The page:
Calculus Calculus Math Forum 
 LinkBack  Thread Tools  Display Modes 
November 6th, 2010, 11:42 AM  #1 
Member Joined: Sep 2010 Posts: 73 Thanks: 0  determine pairs of functions independent
Reviewing for an exam, so I'll probably be posting a lot of questions. I'll try my best to figure it out myself but when I've spent too much time on it, I'll come here. So, first question: Determine whether the pairs of functions are linearly independent or dependent on the real line. f(x) = x^2 g(x) = x^2 * x I need to take the Wronskian... but how do I do the derivative of an absolute value? 
November 6th, 2010, 12:51 PM  #2 
Global Moderator Joined: May 2007 Posts: 5,967 Thanks: 430  Re: determine pairs of functions independent
Let f(x) = x. f'(x)=1, x > 0 f'(x)= 1, x <0 f'(0) does not exist. 
November 6th, 2010, 01:54 PM  #3 
Member Joined: Sep 2010 Posts: 73 Thanks: 0  Re: determine pairs of functions independent
Well then, how do I know whether I use 1 or 1 for f'(x)? Either way, I get the result does not equal zero, so they are linearly dependent. What if I come across an absolute value where f'(x) = 1 would make it dependent and f'(x) = 1 would make it independent? Then what? 
November 7th, 2010, 12:20 AM  #4 
Senior Member Joined: Dec 2009 Posts: 150 Thanks: 0  Re: determine pairs of functions independent
The following representation of may be of help to you: Squaring x gives a positive number, even if x was negative. Then the square root acts on the positive result to give back a positive result. So whether or not x is negative, returns the positive magnitude of . Using the chain rule we differentiate the function: Thus the product rule gives us that: I used the fact that to get to the second to last step. So let's compute the Wronskian: We can see that if and only if AN ASIDE: In the alternative definition of I gave above, it should be noted that I am saying that is the composition of the squaring function with the square root function . Reversing the order in which you compose the two functions (square rooting before squaring) would require restricting the domain of to , which by virtue of its smaller domain is not equal to the absolute value function. If you were to consider on the whole real line you would have to have the range of by the union of the axis of the complex plane (all pure imaginary and purely real numbers), and the result for negative x is not what we want either: Let , then , where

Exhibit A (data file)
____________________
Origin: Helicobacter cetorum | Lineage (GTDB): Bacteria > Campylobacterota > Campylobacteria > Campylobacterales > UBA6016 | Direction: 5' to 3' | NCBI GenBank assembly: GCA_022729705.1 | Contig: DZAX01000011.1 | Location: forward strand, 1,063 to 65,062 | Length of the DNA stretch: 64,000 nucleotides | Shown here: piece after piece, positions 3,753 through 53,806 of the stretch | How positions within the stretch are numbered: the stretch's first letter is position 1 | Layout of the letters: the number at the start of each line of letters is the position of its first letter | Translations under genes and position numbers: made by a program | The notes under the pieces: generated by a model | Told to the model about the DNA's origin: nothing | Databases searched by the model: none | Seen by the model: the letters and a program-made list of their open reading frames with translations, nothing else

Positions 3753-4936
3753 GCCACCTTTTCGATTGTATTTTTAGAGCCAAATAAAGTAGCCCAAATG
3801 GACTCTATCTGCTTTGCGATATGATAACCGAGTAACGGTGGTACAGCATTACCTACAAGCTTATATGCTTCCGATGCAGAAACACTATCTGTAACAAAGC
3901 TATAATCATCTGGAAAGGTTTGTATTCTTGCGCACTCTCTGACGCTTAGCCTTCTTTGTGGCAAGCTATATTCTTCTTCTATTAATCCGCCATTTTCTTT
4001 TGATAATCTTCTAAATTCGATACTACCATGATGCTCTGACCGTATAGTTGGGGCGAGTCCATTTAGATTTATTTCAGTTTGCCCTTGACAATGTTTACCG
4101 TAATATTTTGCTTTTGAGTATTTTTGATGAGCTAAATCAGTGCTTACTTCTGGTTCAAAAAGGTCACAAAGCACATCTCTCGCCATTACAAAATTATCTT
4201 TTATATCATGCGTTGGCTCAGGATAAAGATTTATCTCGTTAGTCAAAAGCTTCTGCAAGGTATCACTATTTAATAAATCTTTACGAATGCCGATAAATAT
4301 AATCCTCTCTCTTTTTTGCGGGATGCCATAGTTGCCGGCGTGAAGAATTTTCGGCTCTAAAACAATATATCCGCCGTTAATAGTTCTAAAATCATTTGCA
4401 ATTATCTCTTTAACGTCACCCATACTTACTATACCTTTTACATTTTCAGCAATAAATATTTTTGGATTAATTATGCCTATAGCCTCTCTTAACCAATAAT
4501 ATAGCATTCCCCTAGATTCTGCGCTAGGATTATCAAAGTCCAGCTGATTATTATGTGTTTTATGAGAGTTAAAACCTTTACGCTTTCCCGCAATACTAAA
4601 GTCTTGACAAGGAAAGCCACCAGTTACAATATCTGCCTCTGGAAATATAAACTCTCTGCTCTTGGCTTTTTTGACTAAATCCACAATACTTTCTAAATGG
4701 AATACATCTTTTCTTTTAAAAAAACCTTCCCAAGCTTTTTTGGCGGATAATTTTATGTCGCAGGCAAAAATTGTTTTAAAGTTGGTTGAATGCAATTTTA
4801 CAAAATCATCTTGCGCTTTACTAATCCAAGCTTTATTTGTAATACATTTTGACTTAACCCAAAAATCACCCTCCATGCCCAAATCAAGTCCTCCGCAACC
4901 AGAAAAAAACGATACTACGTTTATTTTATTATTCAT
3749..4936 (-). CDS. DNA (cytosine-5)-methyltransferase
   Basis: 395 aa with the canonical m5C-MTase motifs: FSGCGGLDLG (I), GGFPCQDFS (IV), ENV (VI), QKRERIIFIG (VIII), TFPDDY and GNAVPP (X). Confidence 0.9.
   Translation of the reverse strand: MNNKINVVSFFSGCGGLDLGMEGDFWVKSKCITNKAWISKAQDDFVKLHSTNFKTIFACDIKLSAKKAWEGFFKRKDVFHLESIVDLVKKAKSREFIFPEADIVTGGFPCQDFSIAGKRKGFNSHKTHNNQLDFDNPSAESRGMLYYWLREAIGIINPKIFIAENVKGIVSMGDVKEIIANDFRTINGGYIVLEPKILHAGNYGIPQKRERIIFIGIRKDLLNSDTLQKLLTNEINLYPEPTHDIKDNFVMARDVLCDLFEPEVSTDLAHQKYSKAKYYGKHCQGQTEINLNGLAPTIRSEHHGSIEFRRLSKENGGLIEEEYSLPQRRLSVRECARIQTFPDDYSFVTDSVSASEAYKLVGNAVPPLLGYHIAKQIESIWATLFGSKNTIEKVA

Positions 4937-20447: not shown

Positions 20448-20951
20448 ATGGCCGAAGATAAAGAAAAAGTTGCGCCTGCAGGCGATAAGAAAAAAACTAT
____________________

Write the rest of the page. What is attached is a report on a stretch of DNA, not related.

November 8th, 2010, 12:28 PM  #5  
Math Team Joined: Apr 2010 Posts: 2,770 Thanks: 356  Re: determine pairs of functions independent
Nice post, forcesofodin! Quote:
So that Hoempa  
November 9th, 2010, 05:18 AM  #6 
Member Joined: Sep 2010 Posts: 73 Thanks: 0  Re: determine pairs of functions independent
Wow, that was a lovely post! Thanks for clearing it up 

Tags 
determine, functions, independent, pairs 
Thread Tools  
Display Modes  

Similar Threads  
Thread  Thread Starter  Forum  Replies  Last Post 
Independent or Matched Pairs  wyoung  Algebra  3  April 27th, 2012 03:01 PM 
Determine all pairs (x,y)  TPB  Algebra  1  November 13th, 2010 02:39 AM 
Determine integer pairs  NQrgArd  Number Theory  1  November 26th, 2007 05:59 AM 
Linearly independent linear functions  mathiask  Linear Algebra  1  October 23rd, 2007 12:13 AM 
linear independent or dependent set of functions  1thoughtMaze1  Calculus  5  January 1st, 1970 12:00 AM